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Making a Cross-Platform Desktop App: Comparing Xojo and Visual Studio for Mac

Visual Studio for Mac was recently released. In a previous post I compared how much easier it is to make native Mac apps with Xojo than with Visual Studio for Mac. Now I’d like to talk about making cross-platform desktop apps.

Visual Studio for Mac lets you make cross-platform desktop apps by using the Gtk# UI toolkit. Unfortunately, Gtk# does not create native apps for any platform and you’ll be required to manually install the required .NET run-time library in order for these apps to work. Packaging these types of apps can be a pain and is not done automatically by Visual Studio for Mac.

Although Visual Studio for Mac doesn’t include a layout editor when creating native Mac apps, it does include a Layout Editor for your Gtk# layouts. Here you can see the control layout for a simple “Hello” app with just a button and a label:

The Layout Editor is a bit tricky to work with as dragging controls around does not show you exactly where they will be positioned, making it hard to line things up.

For comparison, this is what the Layout Editor looks like in Xojo:

To add code to the button in Visual Studio for Mac you have to click on the Signals tab in the Properties and add a handler to the Clicked signal. Once you do this, you can switch back to the source code file to add the code. Here you can see the source for MainWindow.cs and the “Clicked” handler that updates the number of clicks and displays the count in the label:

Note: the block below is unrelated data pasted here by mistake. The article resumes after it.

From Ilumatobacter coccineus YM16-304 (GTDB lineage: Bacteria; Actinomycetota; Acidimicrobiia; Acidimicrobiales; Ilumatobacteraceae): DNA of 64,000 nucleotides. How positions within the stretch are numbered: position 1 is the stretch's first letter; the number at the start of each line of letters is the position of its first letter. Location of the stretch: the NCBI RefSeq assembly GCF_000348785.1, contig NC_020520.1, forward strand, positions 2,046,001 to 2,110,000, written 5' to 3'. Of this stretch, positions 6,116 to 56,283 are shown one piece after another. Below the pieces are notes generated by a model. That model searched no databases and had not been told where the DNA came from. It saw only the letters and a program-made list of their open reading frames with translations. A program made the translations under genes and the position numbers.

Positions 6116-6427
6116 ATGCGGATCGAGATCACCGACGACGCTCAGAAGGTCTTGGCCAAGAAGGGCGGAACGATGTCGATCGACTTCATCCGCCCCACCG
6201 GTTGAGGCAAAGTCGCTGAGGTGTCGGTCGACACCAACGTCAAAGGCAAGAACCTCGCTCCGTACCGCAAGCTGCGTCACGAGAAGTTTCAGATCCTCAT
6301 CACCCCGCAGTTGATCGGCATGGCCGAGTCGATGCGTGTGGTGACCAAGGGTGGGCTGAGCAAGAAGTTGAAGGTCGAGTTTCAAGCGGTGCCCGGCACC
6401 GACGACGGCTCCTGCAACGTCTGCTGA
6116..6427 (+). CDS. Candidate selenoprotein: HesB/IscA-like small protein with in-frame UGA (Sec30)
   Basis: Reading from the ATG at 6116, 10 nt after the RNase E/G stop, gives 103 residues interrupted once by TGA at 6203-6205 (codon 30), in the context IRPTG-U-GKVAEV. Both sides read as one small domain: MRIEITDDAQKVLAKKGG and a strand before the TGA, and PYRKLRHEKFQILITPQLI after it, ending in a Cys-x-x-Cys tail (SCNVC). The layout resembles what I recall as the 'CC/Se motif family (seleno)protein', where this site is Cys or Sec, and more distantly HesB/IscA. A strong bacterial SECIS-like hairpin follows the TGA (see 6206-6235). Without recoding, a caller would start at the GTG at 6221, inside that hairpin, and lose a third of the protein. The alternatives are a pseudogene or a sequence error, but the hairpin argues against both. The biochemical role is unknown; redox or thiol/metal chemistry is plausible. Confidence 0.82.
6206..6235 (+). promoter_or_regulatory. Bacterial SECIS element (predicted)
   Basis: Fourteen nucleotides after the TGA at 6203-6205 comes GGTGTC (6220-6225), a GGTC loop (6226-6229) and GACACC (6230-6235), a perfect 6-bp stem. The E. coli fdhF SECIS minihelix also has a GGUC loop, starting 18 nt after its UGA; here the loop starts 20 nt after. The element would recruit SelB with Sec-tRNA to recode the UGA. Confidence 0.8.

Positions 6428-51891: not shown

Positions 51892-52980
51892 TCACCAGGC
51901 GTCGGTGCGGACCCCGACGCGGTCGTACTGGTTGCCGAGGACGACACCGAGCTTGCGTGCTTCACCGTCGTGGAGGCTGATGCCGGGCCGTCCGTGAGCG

The above process for adding an event is not too bad, but Xojo makes it even easier by letting you add event handlers to a control by simply double-clicking on the control itself. For example, double-click the button to show the Event Handler window where you can add the Action event handler to the button by simply selecting it from a list:

And then entering the code in the Code Editor:

So you can see some similarity between working with Visual Studio for Mac with a Gtk# project and a Xojo desktop project. Obviously you can tell that Xojo uses a programming language that looks similar to VB, but the object-oriented programming model used by Xojo is similar to the one used by C#.

The big difference, as mentioned earlier, is that Visual Studio for Mac does not build native apps. Instead when you build the project shown above you’ll get an app called “HelloMac.exe” which doesn’t run on any platform without first installing the proper run-time libraries, not always an easy task. And a file with the extension of “exe” certainly does not look like a native Mac or Linux app so you’ll want to package that up to look more native (even if it won’t be native) so that your users are not confused.

With Xojo you don’t have to worry about any of that. Instead you can just check a few boxes to get native apps for each OS you want. When you Build your project you’ll get a separate folder containing a native app for each OS platform (Windows, MacOS, Linux, Raspberry Pi). Simply transfer the app to the OS and run it without having to worry about installing additional run-time libraries or even packaging. This is about as easy as it gets.

If you need cross-platform desktop apps and are looking at Visual Studio for Mac, you should definitely also consider Xojo. Xojo brings most of the same features to the table, but in a way that is much easier to use and dramatically easier to deploy.

If you haven’t yet, Download Xojo.